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Few of the world’s longest rivers still flow uninterrupted into the ocean

Rivers are crucial components of human well-being, contributing water, food, hydroelectric power, and transport for millennia. Yet an estimated 2.8 million dams now divide up rivers world-wide, threatening healthy river ecosystems and reducing biodiversity in stream systems, in addition to impacts on inland fisheries that supply protein to 158 million people worldwide. Now, the first global assessment of free-flowing rivers has just been published in the journal Nature. 

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Greater compliance with regulations is possible with fishery cooperatives

Fishery cooperatives are groups of harvesters that band together to jointly fish a pooled quota. They can be set up in a variety of ways, but generally are governed by agreements among members, as well as agreements with regulators that affect all members of the cooperative. One form this may take is to have the participants be “jointly and severally liable” for staying within the catch quota limits for that cooperative; in other words, the regulator can halt the fishing of all members within a cooperative if the catches for that cooperative exceed quota limits, even if the overage was the fault of just a single member.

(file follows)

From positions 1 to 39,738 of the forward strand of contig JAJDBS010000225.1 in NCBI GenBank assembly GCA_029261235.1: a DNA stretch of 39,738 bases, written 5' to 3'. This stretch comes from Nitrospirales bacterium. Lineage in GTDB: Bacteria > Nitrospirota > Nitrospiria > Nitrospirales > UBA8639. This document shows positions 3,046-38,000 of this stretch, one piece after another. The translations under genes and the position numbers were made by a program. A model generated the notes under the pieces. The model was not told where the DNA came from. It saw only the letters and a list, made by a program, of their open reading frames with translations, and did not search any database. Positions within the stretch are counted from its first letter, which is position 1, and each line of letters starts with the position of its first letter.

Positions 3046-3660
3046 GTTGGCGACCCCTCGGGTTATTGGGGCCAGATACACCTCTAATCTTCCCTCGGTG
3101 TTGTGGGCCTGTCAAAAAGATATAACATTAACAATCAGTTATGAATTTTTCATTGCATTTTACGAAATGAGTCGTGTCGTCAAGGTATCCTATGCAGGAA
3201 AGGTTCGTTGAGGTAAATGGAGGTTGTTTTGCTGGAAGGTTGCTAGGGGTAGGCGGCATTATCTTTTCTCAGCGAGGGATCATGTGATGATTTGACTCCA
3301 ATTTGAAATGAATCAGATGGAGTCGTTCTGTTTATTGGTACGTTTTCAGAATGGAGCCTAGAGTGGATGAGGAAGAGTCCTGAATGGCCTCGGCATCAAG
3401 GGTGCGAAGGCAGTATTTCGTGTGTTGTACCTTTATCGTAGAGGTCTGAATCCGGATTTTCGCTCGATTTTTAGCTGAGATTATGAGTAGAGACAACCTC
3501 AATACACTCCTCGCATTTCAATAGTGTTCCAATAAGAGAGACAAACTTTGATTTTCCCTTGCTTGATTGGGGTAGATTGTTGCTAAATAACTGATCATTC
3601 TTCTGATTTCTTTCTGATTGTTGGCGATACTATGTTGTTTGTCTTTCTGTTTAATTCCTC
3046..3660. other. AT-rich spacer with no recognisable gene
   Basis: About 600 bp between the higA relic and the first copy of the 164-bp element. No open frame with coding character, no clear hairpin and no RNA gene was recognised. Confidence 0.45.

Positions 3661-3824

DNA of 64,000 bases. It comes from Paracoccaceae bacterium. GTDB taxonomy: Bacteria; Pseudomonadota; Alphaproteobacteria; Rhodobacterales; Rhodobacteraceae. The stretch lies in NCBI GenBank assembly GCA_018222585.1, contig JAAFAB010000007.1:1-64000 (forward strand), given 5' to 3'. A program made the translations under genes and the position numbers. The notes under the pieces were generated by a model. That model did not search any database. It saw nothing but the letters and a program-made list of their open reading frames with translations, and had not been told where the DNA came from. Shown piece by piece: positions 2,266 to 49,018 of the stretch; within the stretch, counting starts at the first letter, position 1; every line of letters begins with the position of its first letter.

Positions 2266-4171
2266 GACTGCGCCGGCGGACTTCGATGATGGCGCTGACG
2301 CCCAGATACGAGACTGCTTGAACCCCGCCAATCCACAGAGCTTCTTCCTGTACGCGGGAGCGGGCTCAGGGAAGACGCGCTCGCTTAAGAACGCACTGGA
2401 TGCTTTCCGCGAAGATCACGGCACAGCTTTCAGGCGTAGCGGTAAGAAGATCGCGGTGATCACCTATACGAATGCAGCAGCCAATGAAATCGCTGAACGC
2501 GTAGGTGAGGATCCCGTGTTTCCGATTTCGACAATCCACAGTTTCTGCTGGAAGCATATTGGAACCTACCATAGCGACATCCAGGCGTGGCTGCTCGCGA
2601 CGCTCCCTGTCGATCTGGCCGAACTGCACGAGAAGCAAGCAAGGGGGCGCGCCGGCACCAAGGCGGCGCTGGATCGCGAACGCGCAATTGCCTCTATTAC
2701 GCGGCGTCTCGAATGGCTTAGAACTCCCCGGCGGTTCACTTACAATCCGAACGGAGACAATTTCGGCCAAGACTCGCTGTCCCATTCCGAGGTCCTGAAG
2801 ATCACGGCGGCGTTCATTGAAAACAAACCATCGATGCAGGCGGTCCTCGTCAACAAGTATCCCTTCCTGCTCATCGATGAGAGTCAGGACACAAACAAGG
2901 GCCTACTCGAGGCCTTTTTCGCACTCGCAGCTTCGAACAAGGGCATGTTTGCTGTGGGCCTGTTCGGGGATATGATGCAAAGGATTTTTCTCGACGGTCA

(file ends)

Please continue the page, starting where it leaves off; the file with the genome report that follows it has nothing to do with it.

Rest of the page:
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Exploring Our Watery World at UW’s Aquatic Science Open House

On May 4th, the University of Washington held its second annual Aquatic Science Open House. Seattle-area families, students, and teachers were invited to explore the institution’s marine and freshwater science programs and interact with researchers. The event was organized by the Students Explore Aquatic Sciences (SEAS) outreach group based in the School of Aquatic and Fishery Sciences (SAFS) and the Academic and Recreational Graduate Oceanographers (ARGO) outreach group based in the School of Oceanography.

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Educating the next generation in marine science with examples from Deepwater Horizon

A juvenile red drum swimming against a current in a swim tunnel respirometer

The Deepwater Horizon oil spill, starting 10 April 2010 and lasting until 15 July that year, was the largest in US waters in history. This highly impactful event offers lessons that can be used to train the next generation of marine scientists. In a pair of new articles in Current: The Journal of Marine Education a group of authors that include SAFS communications specialist Dan DiNicola outlines ways in which marine educators can bring the story of the oil spill to life, including assessing the impact of oil on fish swimming behavior and vision using “fish treadmills” with the aid of an online virtual laboratory; and highlighting new technological advances that came out of research on the effects of the oil spill. 

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Inferring animal distribution from both surveys and satellite tags